The company was gracious enough: we were given an introduction about the company & the products. The most fascinating was the process. See, PPM manufactures polypropylene pellets which will then be processed into plastic items for packaging, textiles, cutlery, stationary & many more.
Polypropylene is a plastic polymer made from many propylene C3H6 monomers. It is recyclable, resistant to most chemical attacks, light, heat-resistant & has low moisture-absorption rate.
How is it Processed?
Propene undergoes addition reaction with hydrogen gas. The image below shows the process carried out at PPM:
Propylene & hydrogen undergo the purification process to remove foreign components. Nitrogen gas is used as a carrier medium.
Nitrogen carries purified propylene & hydrogen to the reactor where the chemical reaction takes place. Here teal, catalyst & additives (ADT) are added to optimize the reaction. The product of this unit is the polypropylene resin, which is hard solid.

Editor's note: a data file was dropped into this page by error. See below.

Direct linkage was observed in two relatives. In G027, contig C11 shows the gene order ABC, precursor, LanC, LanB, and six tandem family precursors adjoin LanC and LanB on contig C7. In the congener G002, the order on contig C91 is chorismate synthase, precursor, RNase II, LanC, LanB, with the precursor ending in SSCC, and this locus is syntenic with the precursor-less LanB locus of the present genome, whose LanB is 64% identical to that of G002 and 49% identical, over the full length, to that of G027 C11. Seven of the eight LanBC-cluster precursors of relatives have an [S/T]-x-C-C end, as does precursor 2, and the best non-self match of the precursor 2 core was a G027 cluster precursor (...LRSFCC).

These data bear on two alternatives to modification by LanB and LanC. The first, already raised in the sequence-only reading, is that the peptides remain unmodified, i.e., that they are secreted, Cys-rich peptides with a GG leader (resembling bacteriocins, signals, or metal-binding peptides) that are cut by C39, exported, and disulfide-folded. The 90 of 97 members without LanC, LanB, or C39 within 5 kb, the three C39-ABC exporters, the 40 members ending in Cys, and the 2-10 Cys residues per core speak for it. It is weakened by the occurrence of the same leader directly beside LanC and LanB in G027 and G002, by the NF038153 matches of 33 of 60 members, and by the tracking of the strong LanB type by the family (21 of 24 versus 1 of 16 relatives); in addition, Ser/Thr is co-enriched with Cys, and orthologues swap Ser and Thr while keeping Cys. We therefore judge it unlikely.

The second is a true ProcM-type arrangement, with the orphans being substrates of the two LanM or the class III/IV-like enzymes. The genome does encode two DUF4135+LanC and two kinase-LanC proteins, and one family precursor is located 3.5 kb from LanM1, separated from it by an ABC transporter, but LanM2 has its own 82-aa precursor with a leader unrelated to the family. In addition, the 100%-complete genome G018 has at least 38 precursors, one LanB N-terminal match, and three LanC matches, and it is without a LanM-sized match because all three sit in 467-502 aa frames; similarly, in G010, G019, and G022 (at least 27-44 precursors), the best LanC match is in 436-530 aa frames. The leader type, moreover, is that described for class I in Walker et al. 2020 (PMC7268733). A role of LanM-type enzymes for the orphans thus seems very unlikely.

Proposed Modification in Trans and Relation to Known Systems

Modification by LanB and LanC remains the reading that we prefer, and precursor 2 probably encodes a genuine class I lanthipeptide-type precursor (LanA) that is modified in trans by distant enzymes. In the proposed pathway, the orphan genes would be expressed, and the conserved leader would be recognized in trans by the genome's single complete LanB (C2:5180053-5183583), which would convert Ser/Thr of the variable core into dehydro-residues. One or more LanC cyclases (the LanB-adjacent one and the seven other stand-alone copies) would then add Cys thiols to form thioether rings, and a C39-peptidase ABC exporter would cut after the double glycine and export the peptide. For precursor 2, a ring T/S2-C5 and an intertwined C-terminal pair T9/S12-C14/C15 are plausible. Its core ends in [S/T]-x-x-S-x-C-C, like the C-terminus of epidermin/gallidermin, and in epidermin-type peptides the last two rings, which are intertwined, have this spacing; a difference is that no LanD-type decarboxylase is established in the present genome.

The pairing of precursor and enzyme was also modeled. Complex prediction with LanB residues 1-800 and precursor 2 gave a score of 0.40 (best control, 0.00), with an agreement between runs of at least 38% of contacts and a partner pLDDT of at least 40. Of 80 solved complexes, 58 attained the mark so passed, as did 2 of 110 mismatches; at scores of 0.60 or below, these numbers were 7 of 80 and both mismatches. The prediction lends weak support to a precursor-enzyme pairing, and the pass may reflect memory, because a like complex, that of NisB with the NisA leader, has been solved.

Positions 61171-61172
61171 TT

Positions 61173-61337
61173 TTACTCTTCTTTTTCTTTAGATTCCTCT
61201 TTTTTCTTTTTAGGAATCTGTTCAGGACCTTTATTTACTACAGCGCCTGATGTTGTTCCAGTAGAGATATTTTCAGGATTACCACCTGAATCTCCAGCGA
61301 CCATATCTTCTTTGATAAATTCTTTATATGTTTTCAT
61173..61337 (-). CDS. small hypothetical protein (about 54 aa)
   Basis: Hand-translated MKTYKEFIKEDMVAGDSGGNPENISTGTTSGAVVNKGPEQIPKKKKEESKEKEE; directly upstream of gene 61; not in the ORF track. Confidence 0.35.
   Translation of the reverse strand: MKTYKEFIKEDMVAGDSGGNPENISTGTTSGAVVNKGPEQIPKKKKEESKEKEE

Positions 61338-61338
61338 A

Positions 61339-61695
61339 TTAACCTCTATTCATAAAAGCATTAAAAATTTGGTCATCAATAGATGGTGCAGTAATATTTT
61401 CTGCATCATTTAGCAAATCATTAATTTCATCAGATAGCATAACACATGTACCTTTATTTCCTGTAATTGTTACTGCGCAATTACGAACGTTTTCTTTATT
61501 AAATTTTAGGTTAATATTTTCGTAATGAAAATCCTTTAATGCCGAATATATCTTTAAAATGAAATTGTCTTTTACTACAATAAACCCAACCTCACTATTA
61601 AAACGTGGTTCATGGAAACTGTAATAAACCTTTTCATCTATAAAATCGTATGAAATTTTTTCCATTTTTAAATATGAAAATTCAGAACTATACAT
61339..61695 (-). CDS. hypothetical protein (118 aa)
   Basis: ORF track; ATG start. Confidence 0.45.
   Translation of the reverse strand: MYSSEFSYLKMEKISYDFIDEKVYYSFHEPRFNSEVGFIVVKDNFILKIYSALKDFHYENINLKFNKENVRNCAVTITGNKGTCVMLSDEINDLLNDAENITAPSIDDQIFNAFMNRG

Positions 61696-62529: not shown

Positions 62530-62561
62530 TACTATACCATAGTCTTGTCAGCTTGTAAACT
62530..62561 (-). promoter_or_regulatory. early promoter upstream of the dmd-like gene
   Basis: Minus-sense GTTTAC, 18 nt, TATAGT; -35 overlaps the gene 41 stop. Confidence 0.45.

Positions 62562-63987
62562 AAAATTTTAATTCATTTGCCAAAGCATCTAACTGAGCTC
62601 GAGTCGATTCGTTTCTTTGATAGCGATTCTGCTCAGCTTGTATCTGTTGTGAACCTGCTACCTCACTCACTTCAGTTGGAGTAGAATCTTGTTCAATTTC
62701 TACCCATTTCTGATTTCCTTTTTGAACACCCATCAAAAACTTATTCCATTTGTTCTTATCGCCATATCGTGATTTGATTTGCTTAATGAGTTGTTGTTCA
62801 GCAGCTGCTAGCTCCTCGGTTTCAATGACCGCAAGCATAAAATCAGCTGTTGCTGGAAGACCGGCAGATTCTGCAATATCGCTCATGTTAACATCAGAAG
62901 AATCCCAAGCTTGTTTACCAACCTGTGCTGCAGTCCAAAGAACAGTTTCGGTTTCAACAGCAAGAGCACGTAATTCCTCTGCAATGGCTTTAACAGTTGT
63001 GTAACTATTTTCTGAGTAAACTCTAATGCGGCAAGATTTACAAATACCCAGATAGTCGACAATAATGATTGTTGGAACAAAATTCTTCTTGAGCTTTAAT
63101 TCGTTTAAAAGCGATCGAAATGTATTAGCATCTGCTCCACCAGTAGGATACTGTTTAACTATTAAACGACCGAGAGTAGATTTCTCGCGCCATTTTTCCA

3. Resin degassing
The resin undergoes degassing to remove gaseous by products, including unused propylene, gaseous polypropylene, nitrogen & hydrogen. These gases enter the Recovery Unit where unreacted propylene is sent back into the reactor for processing.
Here the resin undergoes the injection molding process to create fine pellets from the resin block. Power & liquid additives are used in certain amounts to create the desired grade of the pellet.
The pellets enter the 4 different silos (chambers: A, B, C, D) then they are packaged to be sent to other factories for further processing. The importance of the silo is to ensure that the process is continuous.
1. The reactor runs non-stop. The reactor is only stopped for maintenance checks & servicing.
2. Polypropylene is the final product at this plant.
3. The tallest structure is the resin degassing unit.
4. The control center can alternate the product flow to the silo(s) for maximum productivity.
An interesting trip, it was fun to learn about the process. I left out many parts because I'm writing this out of memory (pretty good, eh?), I'll find the time to add in necessary information.
I hope this is an enlightening piece! :)
Thanks to PPM for sharing the knowledge & the fun!